The federal government estimated deaths from seasonal flu at 13,000 in almost five months — and that's before the outbreak of swine flu. These Seattle area health experts note that many of these deaths can be avoided if more people would protect themselves and their families by getting an annual flu shot.
THE Centers for Disease Control and Prevention estimated that at least 13,000 people died from influenza in the United States in four months.
That recent news item is not a fiction or a forecast, it is fact. But there’s a twist.
This CDC estimate is from one month ago, before the arrival of the new A H1N1 flu strain (also referred to as swine flu). These 13,000 deaths between January and late April were from seasonal influenza that strikes this country every winter and that over the past several months has been killing 800 Americans a week.
As the dust of the A H1N1 outbreak settles, an inconvenient truth is becoming more apparent. Every year, influenza circles the global and kills an estimated 250,000-500,000 people. In an average year, 36,000 of those people live in the United States — a country that spends more on health care than any other country.
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It’s hard to believe that thousands die each year in this country from a disease largely preventable by a vaccine that most of us have chosen not to get. People who are at high risk of serious flu-related complications include pregnant women, children younger than 5 years old, people of all ages with chronic medical conditions and people 65 years and older.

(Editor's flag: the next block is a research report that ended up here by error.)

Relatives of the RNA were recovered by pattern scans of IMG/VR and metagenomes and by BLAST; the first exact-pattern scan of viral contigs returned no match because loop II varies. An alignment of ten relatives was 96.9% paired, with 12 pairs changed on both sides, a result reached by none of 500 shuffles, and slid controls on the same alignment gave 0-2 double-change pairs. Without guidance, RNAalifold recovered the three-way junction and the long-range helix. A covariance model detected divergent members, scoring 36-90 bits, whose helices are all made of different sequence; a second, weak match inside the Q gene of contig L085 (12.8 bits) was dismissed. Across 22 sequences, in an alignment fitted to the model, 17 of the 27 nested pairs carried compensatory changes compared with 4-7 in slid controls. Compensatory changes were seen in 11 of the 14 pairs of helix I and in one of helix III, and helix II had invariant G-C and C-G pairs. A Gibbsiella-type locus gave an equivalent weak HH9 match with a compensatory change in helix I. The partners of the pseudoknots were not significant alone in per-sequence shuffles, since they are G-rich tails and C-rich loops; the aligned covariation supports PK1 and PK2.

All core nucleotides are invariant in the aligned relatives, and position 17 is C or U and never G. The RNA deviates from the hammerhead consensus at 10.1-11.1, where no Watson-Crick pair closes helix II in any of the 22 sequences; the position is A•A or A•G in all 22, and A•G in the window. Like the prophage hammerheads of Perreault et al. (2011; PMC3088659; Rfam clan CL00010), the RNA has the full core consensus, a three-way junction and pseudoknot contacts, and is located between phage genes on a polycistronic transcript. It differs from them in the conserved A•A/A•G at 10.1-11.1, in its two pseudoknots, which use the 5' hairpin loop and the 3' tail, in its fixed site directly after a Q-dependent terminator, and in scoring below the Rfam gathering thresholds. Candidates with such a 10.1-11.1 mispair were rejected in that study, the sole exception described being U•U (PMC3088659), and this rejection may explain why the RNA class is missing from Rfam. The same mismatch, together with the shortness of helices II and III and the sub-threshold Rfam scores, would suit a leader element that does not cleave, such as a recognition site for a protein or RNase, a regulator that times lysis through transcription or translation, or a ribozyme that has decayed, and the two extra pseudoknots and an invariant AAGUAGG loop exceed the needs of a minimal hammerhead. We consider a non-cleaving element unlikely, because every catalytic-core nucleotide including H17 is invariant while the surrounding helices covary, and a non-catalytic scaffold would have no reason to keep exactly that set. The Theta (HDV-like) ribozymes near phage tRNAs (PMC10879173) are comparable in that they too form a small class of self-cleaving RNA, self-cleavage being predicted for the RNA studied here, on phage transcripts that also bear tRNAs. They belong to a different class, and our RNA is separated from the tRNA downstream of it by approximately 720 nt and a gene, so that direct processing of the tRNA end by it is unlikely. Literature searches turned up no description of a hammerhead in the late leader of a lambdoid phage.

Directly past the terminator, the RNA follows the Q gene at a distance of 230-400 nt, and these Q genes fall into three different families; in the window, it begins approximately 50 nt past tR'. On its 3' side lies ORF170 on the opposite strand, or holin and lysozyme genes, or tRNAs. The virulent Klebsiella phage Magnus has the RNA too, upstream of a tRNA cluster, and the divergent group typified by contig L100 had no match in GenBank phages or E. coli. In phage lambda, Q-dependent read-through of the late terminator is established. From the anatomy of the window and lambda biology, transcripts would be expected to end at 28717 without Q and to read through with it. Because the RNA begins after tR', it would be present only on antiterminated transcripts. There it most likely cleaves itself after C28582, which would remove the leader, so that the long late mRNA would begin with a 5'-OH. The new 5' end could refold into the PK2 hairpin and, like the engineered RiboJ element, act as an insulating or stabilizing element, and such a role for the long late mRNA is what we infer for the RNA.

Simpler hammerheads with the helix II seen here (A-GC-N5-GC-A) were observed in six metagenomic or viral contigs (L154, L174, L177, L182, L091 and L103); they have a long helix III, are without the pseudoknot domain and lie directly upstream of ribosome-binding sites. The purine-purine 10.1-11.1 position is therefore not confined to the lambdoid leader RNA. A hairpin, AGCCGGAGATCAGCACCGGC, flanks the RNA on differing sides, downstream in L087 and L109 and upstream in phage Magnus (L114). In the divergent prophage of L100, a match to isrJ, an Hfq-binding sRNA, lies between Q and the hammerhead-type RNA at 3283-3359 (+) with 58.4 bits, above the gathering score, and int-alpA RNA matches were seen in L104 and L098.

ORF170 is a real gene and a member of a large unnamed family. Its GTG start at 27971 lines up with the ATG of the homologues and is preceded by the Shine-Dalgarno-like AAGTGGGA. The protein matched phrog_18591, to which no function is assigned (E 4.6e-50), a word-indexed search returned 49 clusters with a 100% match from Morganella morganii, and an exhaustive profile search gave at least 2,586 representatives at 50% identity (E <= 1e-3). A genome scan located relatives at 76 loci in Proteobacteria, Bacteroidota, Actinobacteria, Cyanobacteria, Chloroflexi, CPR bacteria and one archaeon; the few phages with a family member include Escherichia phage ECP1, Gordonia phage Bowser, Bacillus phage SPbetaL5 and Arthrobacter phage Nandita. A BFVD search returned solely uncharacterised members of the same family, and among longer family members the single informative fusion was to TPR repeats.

Yet people are not being immunized. According to recent national surveys, only 30 percent of infants and fewer than 15 percent of pregnant women are immunized against flu. Among the elderly, who account for nine out of 10 flu deaths in the United States, only two-thirds are immunized. And flu-shot rates are lowest in young, healthy people (13 percent among adults 18-49 without high-risk conditions) — the same population most affected to date by the new A H1N1 strain.
As we race to find solutions to defeat this new flu, we are at risk of tripping over an old problem — failure to effectively vaccinate ourselves against seasonal influenza.
It’s uncertain at this time how severe this novel flu outbreak will be in terms of illness and death. Government agencies and manufacturers are at work developing a new vaccine but this will take many months. The good news is that production of the seasonal flu vaccine for next season is nearly complete and will be completed.
So how do we increase flu-vaccine rates? The two-part answer is simple in concept:
We need to make flu shots more available. Health-insurance policies should cover flu shots. Doctors should routinely schedule their high-risk patients to be immunized each fall. Businesses, schools, shopping malls and public-health centers should offer flu-shot clinics. (The federal government pays for the flu vaccine for anyone 18 or younger on Medicaid or without insurance.)
We need to change our behavior and take advantage of this availability. We should become better at getting the word out about the importance and availability of influenza vaccines, and we must dispel the myths on the safety of the vaccine. In reality, the benefits far outweigh the risks.
In short, we should use the H1N1 scare as a wake-up call to get our act together for the annual administration of influenza vaccine. At worst, we will prevent a lot more seasonal influenza deaths; at best we will be better prepared to deploy future vaccines against the return of H1N1 or whatever pandemic strain Mother Nature chooses to throw at us.
Dr. David Fleming is director of Public Health-Seattle & King County; Dr. Kathleen Neuzil is director of the Influenza Vaccine Project, PATH; and Dr. Ann Marie Kimball is director of the Asia Pacific Economic Cooperation Emerging Infections Network, University of Washington. Alan Aderem, director of the Institute for Systems Biology and Dr. King Holmes, chair of the UW Department of Global Health, also contributed to this article.